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Liable to Destruction by Steve Payne

Author says: what if Woodrow Wilson's pro-British sympathies caused the US to become unnecessarily involved in the Great War? Please note that the opinions expressed in this post do not necessarily reflect the views of the author(s).


In 1915, February 4th: with Great Britain characteristically violating recognised treaty agreements upon the high seas and generally acting with impunity in direct contravention of international law, the Kaiser's Government retaliated by declaring the English Channel to be a war zone.

Because First Lord of the Admiralty Winston Churchill (pictured) had issued instructions to the Royal Navy to mine the North Sea and also impose a "right of search" upon merchant ships carrying cargo to German Ports. Not only was Churchill seeking to starve the Central Powers into submission, he was also intent upon embroiling the United States in a war with Germany.

"This might have had interesting results. The thought of WJ Bryan as SecNav gives me the cold shudders, though" ~ readers comment. Recognising this danger, his counterpart the US Secretary of the Navy William Jennings Bryan issued an alert that British vessels were "liable to destruction", cautioning American civilians sailing into the war zone that they were travelling "on ships of Great Britain and her allies do so at their own risk". The warning was prescient because less than six weeks later, German submarine captain Georg-GŁnther Freiherr von Forstner of the Kaiserliche Marine fired a torpedo from the SM-U28 which sunk a West African steamship, the RMS Falaba.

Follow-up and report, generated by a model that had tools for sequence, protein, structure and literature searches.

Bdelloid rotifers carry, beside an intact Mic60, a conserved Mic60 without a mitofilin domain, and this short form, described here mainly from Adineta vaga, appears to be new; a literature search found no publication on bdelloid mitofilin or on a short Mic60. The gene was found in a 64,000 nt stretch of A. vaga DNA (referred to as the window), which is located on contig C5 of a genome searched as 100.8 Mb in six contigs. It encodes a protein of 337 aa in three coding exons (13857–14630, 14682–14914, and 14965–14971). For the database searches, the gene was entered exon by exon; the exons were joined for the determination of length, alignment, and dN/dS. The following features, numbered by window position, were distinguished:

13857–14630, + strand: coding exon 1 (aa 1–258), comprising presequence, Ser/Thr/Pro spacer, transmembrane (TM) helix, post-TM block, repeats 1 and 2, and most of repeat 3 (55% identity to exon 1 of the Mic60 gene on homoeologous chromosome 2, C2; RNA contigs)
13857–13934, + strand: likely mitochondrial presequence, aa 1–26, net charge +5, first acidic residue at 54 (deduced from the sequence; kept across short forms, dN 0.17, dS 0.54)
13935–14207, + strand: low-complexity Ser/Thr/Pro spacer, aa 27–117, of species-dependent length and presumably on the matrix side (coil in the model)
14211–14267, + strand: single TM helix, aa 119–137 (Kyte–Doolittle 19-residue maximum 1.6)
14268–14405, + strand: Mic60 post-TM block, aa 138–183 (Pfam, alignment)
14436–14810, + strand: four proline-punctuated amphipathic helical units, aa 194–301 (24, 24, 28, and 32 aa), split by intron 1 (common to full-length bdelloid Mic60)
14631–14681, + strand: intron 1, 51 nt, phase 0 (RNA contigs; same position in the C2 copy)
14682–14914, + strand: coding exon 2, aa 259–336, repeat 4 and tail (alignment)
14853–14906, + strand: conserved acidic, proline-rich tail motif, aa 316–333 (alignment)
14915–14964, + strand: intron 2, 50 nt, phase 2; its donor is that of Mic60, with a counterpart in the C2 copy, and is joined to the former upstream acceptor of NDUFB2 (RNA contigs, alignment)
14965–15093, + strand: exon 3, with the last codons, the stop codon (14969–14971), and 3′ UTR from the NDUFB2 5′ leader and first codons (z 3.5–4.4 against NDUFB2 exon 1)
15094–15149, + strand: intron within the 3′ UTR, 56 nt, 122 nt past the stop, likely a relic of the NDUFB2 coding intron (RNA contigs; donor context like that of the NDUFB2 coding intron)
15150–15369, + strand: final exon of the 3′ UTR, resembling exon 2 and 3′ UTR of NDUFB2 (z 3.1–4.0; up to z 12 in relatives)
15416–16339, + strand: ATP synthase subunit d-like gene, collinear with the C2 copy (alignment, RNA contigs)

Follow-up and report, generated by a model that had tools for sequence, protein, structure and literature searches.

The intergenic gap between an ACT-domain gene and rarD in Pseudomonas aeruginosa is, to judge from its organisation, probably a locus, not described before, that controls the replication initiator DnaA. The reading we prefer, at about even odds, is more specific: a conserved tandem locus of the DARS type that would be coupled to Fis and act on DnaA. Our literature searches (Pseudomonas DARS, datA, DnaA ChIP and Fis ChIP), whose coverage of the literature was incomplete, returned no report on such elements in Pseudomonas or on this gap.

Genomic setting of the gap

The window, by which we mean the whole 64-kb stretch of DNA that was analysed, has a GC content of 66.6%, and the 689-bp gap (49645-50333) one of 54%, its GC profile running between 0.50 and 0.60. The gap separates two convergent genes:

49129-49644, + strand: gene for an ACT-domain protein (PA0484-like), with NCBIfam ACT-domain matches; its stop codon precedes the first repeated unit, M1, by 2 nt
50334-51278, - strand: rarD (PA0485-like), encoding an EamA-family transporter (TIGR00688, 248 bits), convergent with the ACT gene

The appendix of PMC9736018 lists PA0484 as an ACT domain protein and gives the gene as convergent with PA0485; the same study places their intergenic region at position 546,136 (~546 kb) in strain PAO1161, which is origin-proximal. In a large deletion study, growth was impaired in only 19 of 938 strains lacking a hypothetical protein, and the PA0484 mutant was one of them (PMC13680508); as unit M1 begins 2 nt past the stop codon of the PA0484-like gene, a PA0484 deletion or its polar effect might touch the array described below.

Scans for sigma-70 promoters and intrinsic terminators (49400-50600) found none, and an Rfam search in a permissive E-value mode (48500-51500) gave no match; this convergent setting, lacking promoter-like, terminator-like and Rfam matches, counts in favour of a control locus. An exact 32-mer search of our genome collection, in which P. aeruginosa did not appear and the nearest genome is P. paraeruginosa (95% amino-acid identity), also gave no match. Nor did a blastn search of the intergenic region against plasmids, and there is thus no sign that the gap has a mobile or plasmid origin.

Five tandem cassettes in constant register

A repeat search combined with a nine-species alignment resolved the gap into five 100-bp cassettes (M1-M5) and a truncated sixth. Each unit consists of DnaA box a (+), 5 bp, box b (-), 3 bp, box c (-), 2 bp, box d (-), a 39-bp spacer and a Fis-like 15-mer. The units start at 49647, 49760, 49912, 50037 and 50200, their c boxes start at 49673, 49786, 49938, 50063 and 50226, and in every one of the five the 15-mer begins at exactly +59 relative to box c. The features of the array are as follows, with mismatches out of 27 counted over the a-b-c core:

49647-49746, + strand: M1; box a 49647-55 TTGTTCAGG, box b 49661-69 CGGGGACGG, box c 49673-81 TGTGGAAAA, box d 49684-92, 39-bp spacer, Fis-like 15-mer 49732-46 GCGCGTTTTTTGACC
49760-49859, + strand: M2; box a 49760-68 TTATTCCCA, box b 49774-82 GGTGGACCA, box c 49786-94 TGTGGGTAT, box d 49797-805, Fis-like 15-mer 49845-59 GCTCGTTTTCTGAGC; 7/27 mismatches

Intense media scrutiny and public pressure mounted, demanding an American response after the sinking of the Falaba, which was widely and inaccurately reported as nothing short of a massacre of innocent civilians without warning. In fact, one hundred and four people were killed, including one American passenger - Leon Chester Thrasher, a 31-year-old mining engineer from Massachusetts.

Despite the cynical British attempts to maximise the impact of their propoganda, an investigation by the US Government soon determined that the German captain had given the Falaba three warnings, and only opened fire when a British warship appeared on the horizon. The Chief Magistrate John Bassett Moore would later note in his diary that "what most decisively risked the involvement of the United States in the recent war would have been the assertion of a right to protect belligerent ships on which Americans saw fit to travel and the treatment of armed belligerent merchantmen as peaceful vessels. Both assumptions were contrary to reason, and no other neutral advanced them".

Author says original content has been repurposed to celebrate the author's genius © The Politically Incorrect Guide to American History by Thomas E. Woods (2004).

John Bassett Moore was a distinguished professor of international law at Columbia University who later served on the International Court of Justice. He and other legal scholars argued that President Woodrow Wilson persistently refused to see the relation between the British irregularities and the German submarine warfare as the crux of American involvement. In this post we again imagine a reduced role for the Head of State, a quasi-legal interpreter of the US Constitution.

To view guest historian's comments on this post please visit the Today in Alternate History web site.

Steve Payne, Editor of Today in Alternate History, a Daily Updating Blog of Important Events In History That Never Occurred Today. Follow us on Facebook, Myspace and Twitter.

Imagine what would be, if history had occurred a bit differently. Who says it didn't, somewhere? These fictional news items explore that possibility. Possibilities such as America becoming a Marxist superpower, aliens influencing human history in the 18th century and Teddy Roosevelt winning his 3rd term as president abound in this interesting fictional blog.


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